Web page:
Aiming for a winter solstice dinner
“Life is short and one bird season lost is one too many,” wrote Datus C. Proper in Pheasants of the Mind: A Hunter’s Search for a Mythic Bird, a lyrical little book on the sport published in 1994.
I was lucky to know Datus, who wrote articles for me when I edited Trout magazine. One evening back in the 1980s he and his wife hosted me at their home for dinner. I remember he poured Portuguese red wine to go with the last ring-necked pheasant he had killed in Pennsylvania the season before.
I was musing about that dinner last year when the silence of a snowy December morning in South Dakota erupted in whirring wings. “Rooster!” yelled one of my hunting companions; “hen!” yelled another, an instant admonition not to shoot. But for the ranging dogs and the momentary explosion of color and motion, the whole monotone scene had a still, somber feel.
Pheasants are legendary runners. This is especially true for late-season birds. December pheasants are survivors—the ones who outran the dogs in October or November and didn’t get shot. The ethical hunter of game birds shoots only those on the wing. And so the challenge is to convince them to go airborne. That’s the job of the dogs.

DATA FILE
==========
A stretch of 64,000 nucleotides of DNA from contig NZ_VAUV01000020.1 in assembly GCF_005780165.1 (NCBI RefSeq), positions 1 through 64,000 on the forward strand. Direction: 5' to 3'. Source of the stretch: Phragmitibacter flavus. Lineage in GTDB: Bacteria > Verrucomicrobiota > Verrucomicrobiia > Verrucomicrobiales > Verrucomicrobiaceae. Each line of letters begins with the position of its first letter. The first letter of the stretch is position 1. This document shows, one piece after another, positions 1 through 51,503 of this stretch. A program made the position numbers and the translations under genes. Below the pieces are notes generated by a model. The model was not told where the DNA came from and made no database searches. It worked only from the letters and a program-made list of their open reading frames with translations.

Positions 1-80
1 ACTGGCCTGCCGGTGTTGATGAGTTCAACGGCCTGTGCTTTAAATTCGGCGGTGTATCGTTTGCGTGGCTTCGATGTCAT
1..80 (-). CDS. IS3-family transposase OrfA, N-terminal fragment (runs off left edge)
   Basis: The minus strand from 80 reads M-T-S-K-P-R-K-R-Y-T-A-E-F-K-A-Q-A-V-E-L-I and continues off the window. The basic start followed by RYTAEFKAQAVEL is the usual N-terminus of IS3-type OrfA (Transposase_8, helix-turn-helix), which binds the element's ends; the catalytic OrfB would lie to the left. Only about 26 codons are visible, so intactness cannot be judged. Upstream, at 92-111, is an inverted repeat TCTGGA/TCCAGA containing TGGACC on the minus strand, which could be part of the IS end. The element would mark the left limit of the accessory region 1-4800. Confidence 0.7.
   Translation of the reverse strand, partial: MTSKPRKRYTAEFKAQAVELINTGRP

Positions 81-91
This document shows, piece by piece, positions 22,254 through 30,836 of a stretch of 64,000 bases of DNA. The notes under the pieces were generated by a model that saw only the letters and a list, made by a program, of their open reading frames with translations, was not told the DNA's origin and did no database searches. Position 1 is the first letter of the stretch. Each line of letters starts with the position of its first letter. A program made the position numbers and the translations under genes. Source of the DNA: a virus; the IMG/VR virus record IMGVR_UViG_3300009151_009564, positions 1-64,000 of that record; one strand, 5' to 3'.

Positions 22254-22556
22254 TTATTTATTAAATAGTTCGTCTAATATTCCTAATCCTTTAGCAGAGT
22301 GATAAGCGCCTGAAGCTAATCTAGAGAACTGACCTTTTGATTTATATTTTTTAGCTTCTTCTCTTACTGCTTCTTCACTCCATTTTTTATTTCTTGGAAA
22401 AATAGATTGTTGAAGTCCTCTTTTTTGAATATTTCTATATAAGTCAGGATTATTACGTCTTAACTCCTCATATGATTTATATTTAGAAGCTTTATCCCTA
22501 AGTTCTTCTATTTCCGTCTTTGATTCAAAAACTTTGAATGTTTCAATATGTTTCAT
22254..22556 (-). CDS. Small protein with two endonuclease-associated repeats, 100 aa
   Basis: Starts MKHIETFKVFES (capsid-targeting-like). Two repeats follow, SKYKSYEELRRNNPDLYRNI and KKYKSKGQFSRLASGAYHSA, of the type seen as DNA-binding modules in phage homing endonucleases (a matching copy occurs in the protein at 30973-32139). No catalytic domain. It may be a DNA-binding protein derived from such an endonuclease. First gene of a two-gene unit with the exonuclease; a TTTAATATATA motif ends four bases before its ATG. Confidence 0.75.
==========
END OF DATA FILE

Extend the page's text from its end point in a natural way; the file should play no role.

By winter, cock pheasants are in full glory, their gray sinewy legs long, their plumage neon, their tails flowing. When they burst suddenly out of brush piles, they look outsized. As they cackle and whir skyward, you would think they would be easy to hit. You would be wrong.
I have hunted pheasant since I was a teenager in small, overgrown New England farm fields of goldenrod bordered by old stone foundations guarded by lilac bushes and gnarled apple trees. But South Dakota is another pheasant world. Back in New England, I was lucky to flush a single bird during a morning’s hunt; here on the Great Plains the pheasants appear as thick as starlings. They are everywhere. If this isn’t pheasant heaven, I can’t imagine what is.
On the winter solstice last year, I found myself, shotgun in hand, wandering the famous Paul Nelson Farm, a 5,000-acre, third-generation family prairie farm. The Nelsons once raised corn, wheat, cattle, and sheep here; now ring-necked pheasants have the run of the place.
I had never before hunted them in the snow. I quickly learned that when the snow flies they head for cover, flocking to rows of purposefully planted Russian olive trees and juniper and hackberry thickets.
The fields seemed empty. The upright rows of corn and millet and sorghum rustling in the bright October sunshine when I hunted here some years back appeared muted and beaten. The dogs dutifully worked the hedgerows. I heard their bells plowing through powder and branches. Our hunting party followed their lead, walking along the perimeter, over-under shotguns loaded with No. 6 shot eager to find the form of an escaping bird rocketing overhead—at what inevitably seemed an impossible angle for a killing shot. “Rooster!” Bam! Miss. Wait, wait—another…. swing. Bam! A snow-covered Labrador retriever suddenly appeared with a limp, warm, brightly colored bird in its soft mouth.